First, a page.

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Epogen Patent Infringement Case to Open

May 15, 2000|Associated Press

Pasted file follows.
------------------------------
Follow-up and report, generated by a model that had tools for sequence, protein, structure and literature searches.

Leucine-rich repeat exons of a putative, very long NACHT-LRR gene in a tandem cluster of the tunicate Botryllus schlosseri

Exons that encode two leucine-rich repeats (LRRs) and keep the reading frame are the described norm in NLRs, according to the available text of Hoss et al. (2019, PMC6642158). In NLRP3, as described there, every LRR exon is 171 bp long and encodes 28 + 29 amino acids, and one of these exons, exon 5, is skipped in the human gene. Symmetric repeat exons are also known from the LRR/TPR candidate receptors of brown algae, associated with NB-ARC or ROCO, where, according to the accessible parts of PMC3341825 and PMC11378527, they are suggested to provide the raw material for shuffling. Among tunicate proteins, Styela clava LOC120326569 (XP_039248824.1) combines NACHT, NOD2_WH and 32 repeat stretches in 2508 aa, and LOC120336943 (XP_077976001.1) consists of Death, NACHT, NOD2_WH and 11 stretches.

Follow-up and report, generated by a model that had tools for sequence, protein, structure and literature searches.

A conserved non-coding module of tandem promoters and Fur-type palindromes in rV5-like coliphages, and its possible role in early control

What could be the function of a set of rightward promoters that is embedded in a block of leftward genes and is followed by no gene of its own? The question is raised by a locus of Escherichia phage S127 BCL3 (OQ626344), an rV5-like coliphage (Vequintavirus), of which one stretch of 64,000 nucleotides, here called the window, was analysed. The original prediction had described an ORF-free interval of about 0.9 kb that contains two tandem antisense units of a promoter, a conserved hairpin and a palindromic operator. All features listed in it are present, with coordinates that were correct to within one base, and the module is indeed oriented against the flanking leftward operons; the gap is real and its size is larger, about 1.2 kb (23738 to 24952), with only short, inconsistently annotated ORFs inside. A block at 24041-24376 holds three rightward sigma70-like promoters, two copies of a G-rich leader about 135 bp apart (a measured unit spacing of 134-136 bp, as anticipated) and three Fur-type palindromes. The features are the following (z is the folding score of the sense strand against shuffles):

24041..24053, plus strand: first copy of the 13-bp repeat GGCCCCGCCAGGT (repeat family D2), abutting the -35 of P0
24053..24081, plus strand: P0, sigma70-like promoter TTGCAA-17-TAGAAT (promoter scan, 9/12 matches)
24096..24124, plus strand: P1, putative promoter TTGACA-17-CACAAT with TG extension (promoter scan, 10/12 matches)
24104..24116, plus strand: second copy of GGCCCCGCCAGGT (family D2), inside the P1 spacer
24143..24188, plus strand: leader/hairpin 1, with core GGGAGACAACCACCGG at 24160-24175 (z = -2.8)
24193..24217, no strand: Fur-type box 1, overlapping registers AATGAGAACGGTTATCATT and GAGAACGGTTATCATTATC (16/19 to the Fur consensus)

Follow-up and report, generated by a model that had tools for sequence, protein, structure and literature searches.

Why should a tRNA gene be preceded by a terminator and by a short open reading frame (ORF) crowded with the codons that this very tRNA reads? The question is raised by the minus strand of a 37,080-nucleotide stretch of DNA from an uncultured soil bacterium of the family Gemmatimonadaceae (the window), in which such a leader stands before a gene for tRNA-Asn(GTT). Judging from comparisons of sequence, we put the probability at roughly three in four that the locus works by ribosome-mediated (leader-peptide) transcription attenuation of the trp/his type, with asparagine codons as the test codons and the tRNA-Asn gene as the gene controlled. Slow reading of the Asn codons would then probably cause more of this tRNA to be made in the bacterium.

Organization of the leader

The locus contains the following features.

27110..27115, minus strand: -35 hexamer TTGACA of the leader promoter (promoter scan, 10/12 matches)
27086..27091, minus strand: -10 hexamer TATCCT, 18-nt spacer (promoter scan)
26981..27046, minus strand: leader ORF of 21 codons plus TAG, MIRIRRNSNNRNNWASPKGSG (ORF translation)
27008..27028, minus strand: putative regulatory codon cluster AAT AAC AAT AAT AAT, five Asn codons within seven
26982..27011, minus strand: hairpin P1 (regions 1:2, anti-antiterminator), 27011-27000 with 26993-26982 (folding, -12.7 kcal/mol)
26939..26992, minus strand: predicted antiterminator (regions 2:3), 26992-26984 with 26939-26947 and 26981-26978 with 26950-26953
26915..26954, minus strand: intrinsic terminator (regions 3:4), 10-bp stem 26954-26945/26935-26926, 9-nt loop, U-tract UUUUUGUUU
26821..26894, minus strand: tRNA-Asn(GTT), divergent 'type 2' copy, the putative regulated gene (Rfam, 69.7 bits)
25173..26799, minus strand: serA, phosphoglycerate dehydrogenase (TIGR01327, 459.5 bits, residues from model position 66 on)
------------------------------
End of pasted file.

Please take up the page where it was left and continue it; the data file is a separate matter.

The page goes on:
The drug is already worth billions of dollars and could be worth billions more. No wonder Wall Street will be paying close attention this week as a 3-year-old fight over who is allowed to produce it finally goes to trial. Epogen, a red blood cell stimulator commonly used to treat anemia in kidney dialysis patients, accounted for $1.8 billion in U.S. sales last year for Thousand Oaks-based Amgen Inc., the world's largest biotechnology company. But a smaller company, Cambridge, Mass.-based Transkaryotic Therapies Inc., or TKT, has found another way to make the protein that makes the drug work. Amgen says TKT is violating the patents it holds on Epogen, but TKT says its process is entirely new and could not have been envisioned when Amgen patented its technique. Now the courts will decide who's right. The patent infringement case opens in federal court in Boston today. While Amgen puts cloned human genes into hamster ovary cells to produce Epogen, TKT induces human cells to make the protein in a laboratory culture. Its version of the drug, known generically as erytrhopoietin, is now in clinical trials. A pretrial ruling last month probably lessened the chances the case will send shock waves through the biotech industry by exposing other valuable proteins--such as insulin and human growth hormone--to competition from upstart companies who find new ways to produce them. But the issue that most interests the industry is whether Amgen owns the protein or merely one of several processes to make it. On Friday in Nasdaq trading, Amgen shares closed at $62.38; TKT closed at $26.25.

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